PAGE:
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Pink has always been a feminine colour in my childhood and I despised it. Like Emily McGregor, I wasn’t very feminine growing up. I enjoyed t-shirts and shorts over dresses and skirts. Hockey was my go-to sport, not figure skating. And pink was on my hate list.

The reason why I didn’t like pink when I was younger was because everyone called it a ‘girl colour.’ My favourite colour was (and still is) blue. But, to be specific, it’s Toronto Maple Leafs blue. That’s because it was a ‘boys colour.’ Really! That was the reason why. I didn’t like the fact that I had to like a certain colour because I was a girl and that I couldn’t like another colour because I wasn’t a boy. I felt that it was unfair because we should have the right to choose between all the colours to pick the one we liked most. I think you’re starting to sense the spark in me that advocated for fairness and individuality.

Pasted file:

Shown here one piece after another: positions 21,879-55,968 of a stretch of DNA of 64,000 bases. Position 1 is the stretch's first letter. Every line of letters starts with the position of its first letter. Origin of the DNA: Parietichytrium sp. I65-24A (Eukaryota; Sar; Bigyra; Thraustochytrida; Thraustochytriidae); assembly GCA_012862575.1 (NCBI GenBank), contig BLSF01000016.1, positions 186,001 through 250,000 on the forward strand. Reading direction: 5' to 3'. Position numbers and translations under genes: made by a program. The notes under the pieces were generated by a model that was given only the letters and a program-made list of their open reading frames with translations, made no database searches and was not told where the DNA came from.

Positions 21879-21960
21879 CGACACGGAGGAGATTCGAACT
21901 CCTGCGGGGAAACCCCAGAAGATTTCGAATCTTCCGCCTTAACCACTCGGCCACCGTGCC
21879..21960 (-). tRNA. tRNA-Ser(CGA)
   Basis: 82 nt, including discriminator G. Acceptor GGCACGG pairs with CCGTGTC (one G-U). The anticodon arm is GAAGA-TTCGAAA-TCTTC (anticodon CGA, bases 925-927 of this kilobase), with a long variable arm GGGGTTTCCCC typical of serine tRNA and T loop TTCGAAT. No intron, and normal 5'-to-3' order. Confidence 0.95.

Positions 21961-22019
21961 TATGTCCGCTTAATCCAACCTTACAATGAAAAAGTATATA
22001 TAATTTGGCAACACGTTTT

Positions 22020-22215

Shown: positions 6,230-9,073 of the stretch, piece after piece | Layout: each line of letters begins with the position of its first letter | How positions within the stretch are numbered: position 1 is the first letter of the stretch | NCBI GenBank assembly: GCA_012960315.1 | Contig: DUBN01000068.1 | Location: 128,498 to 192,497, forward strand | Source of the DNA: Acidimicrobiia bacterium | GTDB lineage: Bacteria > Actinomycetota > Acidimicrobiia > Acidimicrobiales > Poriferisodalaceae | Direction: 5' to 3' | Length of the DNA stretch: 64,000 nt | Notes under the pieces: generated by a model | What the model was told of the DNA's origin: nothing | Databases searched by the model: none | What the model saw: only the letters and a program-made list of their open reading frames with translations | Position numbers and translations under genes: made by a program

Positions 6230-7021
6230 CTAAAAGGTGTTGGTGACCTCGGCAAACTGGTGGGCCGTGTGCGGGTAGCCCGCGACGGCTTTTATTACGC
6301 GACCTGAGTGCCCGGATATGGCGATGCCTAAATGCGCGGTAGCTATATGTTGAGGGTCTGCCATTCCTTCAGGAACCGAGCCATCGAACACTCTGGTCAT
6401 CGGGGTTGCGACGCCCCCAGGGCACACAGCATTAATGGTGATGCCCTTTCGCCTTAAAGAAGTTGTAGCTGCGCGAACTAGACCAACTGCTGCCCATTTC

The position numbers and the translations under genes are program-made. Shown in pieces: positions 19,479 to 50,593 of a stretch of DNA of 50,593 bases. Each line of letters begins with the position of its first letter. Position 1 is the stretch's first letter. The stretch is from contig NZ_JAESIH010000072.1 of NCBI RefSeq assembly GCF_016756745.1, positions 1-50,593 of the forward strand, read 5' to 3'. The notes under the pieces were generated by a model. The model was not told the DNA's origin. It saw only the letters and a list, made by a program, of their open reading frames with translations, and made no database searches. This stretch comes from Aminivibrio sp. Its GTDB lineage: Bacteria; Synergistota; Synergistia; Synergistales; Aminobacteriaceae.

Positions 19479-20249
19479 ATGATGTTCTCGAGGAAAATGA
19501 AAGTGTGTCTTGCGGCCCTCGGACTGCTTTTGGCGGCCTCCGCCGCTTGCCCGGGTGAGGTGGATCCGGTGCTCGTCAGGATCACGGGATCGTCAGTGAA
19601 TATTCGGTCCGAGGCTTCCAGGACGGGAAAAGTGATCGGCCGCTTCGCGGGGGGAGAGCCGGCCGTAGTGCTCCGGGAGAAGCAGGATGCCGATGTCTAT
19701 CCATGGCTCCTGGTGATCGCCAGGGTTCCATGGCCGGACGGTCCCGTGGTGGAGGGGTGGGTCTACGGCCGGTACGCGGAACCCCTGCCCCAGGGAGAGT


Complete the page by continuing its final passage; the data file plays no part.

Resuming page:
Nowadays, I don’t hate pink as much anymore because fashion experts have pink in the men’s wardrobe. Surprisingly, I even own a few pink outfits and I have a wardrobe full of dresses and skirts too. Makeup though is something I’m still am a no for. It dries out my skin like crazy and it’s such a pain to have to wake up early to ‘colour my face.’ I’m perfectly fine without all that hassle. 

Did you know that Jason Momoa, the actor who played Aquaman, is a huge fan of the colour pink (and he makes sure the public knows this by flashing pink in almost all his outfits, including his signature pink scrunchie). 

Here’s a sneak peek from my novel: I chose Jason Momoa as the celebrity Emily McGregor fantasizes about because of his fashion. Momoa’s love for pink was the perfect match because I was indirectly making a bold statement that all colours should be treated equally and that there is no such thing as a boy’s or girl’s colour.

Check out my novel, ‘Hold on please, Emily,’ coming this May to read the full story about Emily McGregor.

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